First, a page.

William P. Brown, professor of Old Testament at Columbia Theological Seminary, has written a hand-book of Old Testament exegesis in which he gives an example-filled introduction to exegesis that brings together various exegetical perspectives. The very concrete way in which examples are handled is certainly the strength of this handbook. After an introduction the second part of this handbook gives an oversight of analytical approaches starting with translation and ending with canonical analysis. The third part is devoted to what Brown calls ‘reading in place’. Attention is given among others to the relation between exegesis and science, exegesis and ecology and exegesis and gender.
Brown rejects the idea that the interpreter has an objective position vis-à-vis the text of the Bible. I would use the word ‘neutral’. An exegete is not a neutral observer, but at the same the text of the Bible has an objective meaning. The weakness of the approach of Brown that he gives not due attention to this last fact.
In this approach the text of the Bible is multivalent, when read and interpreted. Depending on the questions posed and the perspectives adopted a wide range of reading are possible according to Brown’s opinion. Certainly, there is much truth in this position, but we must say that there is an overall perspective we must have, wherever we live, to understand the Bible in its deepest sense. The Bible is the inspired Word of God given to make us wise unto salvation. The unity and inspiration of the Bible has not a real place in the exegetical approach of Brown.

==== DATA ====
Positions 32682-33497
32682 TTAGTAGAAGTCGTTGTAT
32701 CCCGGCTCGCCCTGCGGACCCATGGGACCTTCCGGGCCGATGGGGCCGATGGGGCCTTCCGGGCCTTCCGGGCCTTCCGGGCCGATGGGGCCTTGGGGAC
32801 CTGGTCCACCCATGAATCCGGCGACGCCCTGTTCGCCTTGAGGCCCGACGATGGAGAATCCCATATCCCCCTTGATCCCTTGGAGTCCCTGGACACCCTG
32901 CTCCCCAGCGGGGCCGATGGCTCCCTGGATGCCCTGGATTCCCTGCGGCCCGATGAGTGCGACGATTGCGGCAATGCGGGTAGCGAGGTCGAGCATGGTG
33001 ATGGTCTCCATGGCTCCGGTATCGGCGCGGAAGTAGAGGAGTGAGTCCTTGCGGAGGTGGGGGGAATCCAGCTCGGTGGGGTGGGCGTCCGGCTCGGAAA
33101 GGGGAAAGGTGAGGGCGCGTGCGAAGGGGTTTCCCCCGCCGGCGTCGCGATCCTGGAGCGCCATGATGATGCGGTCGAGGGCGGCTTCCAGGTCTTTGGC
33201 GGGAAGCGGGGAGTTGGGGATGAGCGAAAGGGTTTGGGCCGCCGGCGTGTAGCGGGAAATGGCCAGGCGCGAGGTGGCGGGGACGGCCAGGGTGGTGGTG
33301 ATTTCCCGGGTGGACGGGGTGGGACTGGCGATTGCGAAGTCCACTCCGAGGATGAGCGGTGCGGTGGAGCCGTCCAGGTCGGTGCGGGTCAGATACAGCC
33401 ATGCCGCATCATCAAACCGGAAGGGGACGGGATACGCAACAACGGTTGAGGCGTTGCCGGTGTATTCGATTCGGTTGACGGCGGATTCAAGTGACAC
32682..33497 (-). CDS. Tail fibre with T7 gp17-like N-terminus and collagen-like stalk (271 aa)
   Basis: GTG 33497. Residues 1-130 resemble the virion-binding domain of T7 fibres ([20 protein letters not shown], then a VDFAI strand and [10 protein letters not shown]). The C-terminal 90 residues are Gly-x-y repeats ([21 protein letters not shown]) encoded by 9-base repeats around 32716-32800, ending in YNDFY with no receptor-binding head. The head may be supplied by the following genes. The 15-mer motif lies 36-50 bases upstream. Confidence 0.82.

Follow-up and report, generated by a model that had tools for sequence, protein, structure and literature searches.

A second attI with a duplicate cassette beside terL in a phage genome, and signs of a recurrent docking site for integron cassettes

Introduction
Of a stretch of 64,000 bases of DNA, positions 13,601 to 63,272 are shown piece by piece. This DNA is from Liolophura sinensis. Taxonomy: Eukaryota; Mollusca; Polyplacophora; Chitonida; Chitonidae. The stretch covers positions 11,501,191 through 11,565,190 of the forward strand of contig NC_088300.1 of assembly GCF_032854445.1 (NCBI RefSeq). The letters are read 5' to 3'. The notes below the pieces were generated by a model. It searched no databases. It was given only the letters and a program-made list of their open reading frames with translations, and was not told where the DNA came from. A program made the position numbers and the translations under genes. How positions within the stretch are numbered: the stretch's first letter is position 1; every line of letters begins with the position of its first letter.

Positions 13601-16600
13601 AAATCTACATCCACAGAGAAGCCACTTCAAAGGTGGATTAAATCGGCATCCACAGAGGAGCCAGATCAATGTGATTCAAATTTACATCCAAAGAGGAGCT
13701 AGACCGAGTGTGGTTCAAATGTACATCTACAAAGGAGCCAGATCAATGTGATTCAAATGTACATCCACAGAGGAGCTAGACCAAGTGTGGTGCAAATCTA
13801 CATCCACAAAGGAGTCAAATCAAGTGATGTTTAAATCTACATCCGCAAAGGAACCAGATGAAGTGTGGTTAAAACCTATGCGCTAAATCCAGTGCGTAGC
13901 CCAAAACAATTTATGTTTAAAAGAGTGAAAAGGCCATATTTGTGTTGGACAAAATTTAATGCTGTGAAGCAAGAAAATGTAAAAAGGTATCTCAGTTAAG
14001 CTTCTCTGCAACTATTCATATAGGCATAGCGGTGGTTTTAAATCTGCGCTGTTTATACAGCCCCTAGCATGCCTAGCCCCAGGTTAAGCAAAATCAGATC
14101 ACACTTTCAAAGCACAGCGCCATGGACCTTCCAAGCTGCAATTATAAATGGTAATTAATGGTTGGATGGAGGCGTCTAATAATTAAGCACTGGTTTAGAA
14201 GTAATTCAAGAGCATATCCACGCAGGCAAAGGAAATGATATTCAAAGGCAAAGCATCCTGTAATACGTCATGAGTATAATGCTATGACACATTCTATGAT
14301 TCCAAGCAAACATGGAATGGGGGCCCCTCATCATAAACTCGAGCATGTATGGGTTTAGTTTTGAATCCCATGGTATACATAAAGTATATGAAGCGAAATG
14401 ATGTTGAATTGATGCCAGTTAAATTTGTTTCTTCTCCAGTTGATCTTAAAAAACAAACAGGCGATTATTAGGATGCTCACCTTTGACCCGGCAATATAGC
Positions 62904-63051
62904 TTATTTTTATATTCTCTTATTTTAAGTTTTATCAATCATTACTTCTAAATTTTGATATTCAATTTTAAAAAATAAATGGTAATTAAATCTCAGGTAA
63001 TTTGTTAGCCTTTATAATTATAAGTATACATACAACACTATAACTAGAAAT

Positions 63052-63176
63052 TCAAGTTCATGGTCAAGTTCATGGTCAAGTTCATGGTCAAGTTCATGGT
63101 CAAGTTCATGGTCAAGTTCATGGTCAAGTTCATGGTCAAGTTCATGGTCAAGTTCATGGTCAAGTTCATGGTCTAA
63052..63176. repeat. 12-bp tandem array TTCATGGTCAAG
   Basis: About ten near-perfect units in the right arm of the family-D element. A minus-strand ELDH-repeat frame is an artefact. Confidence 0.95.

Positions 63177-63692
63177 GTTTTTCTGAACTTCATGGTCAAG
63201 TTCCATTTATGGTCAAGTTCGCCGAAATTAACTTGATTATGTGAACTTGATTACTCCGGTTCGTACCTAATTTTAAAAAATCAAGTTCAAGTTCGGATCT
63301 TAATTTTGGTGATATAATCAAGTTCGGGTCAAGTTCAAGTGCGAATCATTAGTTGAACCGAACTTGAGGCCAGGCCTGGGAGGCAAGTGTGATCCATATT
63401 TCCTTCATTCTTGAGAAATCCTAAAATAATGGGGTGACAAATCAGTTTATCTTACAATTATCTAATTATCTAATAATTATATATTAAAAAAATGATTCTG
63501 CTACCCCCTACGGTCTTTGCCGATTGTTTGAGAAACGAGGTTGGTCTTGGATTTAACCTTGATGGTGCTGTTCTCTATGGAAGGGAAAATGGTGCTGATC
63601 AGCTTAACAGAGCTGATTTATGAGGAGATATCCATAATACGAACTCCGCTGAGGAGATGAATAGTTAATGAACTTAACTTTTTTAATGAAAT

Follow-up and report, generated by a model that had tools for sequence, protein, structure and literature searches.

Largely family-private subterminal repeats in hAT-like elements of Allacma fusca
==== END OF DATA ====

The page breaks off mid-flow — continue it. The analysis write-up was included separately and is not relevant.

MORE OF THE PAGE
Having stated these reservations there is much to learn for a critical reader from the second part of this handbook. I cannot say that in the same degree of the third part. There we see more than once how the exegete directs in a postmodern way the text of the Bible instead the text of the Bible directs him, although also in this part a critical reader can find useful information.
With regard to the second part I must add that I could not find the literary analysis of Brown very helpful. Here he follows to a large the degree the view that we can discern discrete compositional layers. These layers are always hypothetical and quite often seeing several layers in the text brings us in conflict with the self-testimony of the Scripture with regards to its message. I certainly would not say that Brown’s handbook to the Old Testament exegesis is a must in the library of every theological student or pastor. Then I would recommend other books, but Old Testament scholars can profit from insight it gives on the state of Old Testament scholarship related to the exegesis of the Old Testament.
William P. Brown, A Handbook to Old Testament Exegesis (Louisville: Westminster John Knox Press, 2017), paperback 380 pp., $35,– (ISBN 9780664259938)